11For there is no partiality with God. 12For as many as have sinned without law shall also perish without law: and as many as have sinned in the law shall be judged by the law 13(For not the hearers of the law are just before God, but the doers of the law will be justified. 14For when the Gentiles, who do not have the law, by nature do the things in the law, these, although they do not have the law, are a law to themselves, 15who show the work of the law written in their hearts, their conscience also bearing witness, and between themselves, their thoughts accusing or else excusing them)16in the day when God shall judge the secrets of men by Jesus Christ according to my gospel.
This scripture is surprising obscure in Christian teaching, but when presented to the flock, it is amazing how many will argue tooth and nail that it does not mean what it says. Instead of basking in its simplicity, these followers will devise untold numbers of ways to discount the text, while piously professing that others outside of their belief sphere are heading to an eternal hell that they have neither created nor seen.
In case you missed the point, Paul is saying that both believers and nonbelievers are accountable to God for judgment. They differ from each other in that believers possess the Law (bible), while nonbelievers do not, even though by nature they do some of the things that are stipulated in the Law. God has given all people moral instinct by creation, although repeated sin or cultural acceptance may distort their understanding. The point is that people will be judged according to the revelation they have. The standard of judgment for believers will be the written Law, and the standard for nonbelievers will be the unwritten law of conscience and nature. So in Christianity, there is indeed room for Buddhists, Hindus, Muslims, and any other religious sect, including atheists.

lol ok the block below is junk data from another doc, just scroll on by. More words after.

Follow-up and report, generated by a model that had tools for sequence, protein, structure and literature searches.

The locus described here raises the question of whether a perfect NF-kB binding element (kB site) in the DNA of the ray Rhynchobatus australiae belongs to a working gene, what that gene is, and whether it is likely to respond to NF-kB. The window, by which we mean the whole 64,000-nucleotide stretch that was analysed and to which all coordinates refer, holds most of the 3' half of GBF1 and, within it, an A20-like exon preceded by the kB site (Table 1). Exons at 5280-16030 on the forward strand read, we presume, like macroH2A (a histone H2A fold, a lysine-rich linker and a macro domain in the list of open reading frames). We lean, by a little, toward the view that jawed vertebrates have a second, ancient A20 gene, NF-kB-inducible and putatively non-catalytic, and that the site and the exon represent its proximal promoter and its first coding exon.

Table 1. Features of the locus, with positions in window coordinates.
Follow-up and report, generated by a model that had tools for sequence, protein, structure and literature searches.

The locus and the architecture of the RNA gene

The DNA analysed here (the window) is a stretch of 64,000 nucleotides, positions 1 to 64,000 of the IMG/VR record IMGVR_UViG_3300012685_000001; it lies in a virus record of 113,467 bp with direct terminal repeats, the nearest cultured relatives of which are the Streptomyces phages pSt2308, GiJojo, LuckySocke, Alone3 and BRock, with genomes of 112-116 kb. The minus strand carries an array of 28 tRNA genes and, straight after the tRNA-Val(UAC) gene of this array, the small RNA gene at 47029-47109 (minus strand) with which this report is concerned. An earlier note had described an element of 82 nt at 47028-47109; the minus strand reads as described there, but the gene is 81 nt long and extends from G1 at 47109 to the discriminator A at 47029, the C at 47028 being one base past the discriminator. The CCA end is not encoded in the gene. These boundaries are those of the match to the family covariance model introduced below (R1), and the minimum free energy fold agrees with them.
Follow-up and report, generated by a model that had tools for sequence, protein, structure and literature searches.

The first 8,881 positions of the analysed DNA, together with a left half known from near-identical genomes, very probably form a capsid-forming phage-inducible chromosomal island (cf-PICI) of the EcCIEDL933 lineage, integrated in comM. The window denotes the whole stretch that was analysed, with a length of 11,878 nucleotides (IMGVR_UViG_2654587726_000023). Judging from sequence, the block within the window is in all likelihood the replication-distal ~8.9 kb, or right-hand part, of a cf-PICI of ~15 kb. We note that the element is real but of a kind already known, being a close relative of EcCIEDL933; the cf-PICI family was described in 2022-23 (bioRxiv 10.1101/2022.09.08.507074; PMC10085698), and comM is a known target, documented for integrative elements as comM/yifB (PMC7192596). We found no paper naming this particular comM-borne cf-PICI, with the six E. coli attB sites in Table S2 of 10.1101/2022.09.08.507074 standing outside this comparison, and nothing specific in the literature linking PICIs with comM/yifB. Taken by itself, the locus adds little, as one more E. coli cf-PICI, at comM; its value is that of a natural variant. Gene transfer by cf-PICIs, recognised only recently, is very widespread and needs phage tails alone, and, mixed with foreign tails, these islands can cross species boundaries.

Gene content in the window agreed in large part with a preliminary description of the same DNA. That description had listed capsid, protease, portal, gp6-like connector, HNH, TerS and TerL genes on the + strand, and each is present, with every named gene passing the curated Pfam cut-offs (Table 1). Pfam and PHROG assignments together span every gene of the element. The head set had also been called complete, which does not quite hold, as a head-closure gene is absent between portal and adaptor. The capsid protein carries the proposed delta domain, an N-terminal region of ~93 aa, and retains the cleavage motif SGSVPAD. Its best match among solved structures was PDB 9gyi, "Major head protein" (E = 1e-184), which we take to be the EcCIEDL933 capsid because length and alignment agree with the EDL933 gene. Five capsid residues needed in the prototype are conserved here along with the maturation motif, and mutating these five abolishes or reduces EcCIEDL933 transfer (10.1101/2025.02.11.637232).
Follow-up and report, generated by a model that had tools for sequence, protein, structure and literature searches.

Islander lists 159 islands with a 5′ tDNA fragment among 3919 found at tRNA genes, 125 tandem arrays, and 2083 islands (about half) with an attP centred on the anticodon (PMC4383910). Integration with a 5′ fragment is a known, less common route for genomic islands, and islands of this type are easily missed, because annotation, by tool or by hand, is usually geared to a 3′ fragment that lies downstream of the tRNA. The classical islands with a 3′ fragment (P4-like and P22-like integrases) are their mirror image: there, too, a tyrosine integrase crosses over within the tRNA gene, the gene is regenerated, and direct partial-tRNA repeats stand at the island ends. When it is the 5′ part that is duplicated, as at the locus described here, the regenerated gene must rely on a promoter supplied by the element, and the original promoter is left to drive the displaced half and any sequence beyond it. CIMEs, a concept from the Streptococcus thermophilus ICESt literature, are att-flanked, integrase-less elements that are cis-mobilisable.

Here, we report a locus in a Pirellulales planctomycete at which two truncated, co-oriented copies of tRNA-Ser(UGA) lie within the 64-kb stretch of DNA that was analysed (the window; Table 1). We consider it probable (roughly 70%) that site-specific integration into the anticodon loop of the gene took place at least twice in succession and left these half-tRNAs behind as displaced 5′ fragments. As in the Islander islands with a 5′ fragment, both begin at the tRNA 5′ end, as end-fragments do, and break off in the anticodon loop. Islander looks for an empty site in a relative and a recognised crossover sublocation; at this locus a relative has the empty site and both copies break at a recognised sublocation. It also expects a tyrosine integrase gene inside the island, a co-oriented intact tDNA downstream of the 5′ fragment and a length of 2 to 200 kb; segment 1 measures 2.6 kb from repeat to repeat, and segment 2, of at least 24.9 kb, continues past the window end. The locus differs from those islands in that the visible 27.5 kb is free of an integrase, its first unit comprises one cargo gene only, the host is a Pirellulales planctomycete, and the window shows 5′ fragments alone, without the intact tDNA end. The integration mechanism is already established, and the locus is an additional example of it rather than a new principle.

That is truly “Good News”.
In closing, remember that "The language of the Bible is meant always to point us to a truth beyond the text, a meaning that transcends the particular and imperfectly understood context of the original writers, and our own prejudices and parochialisms that we bring to the text." Everyone must take this journey of faith for themselves, however they conceive God to be. Ultimately, there is only one true God, and His ways remain mysterious, but I am sure of one thing: if you seek, you will eventually find.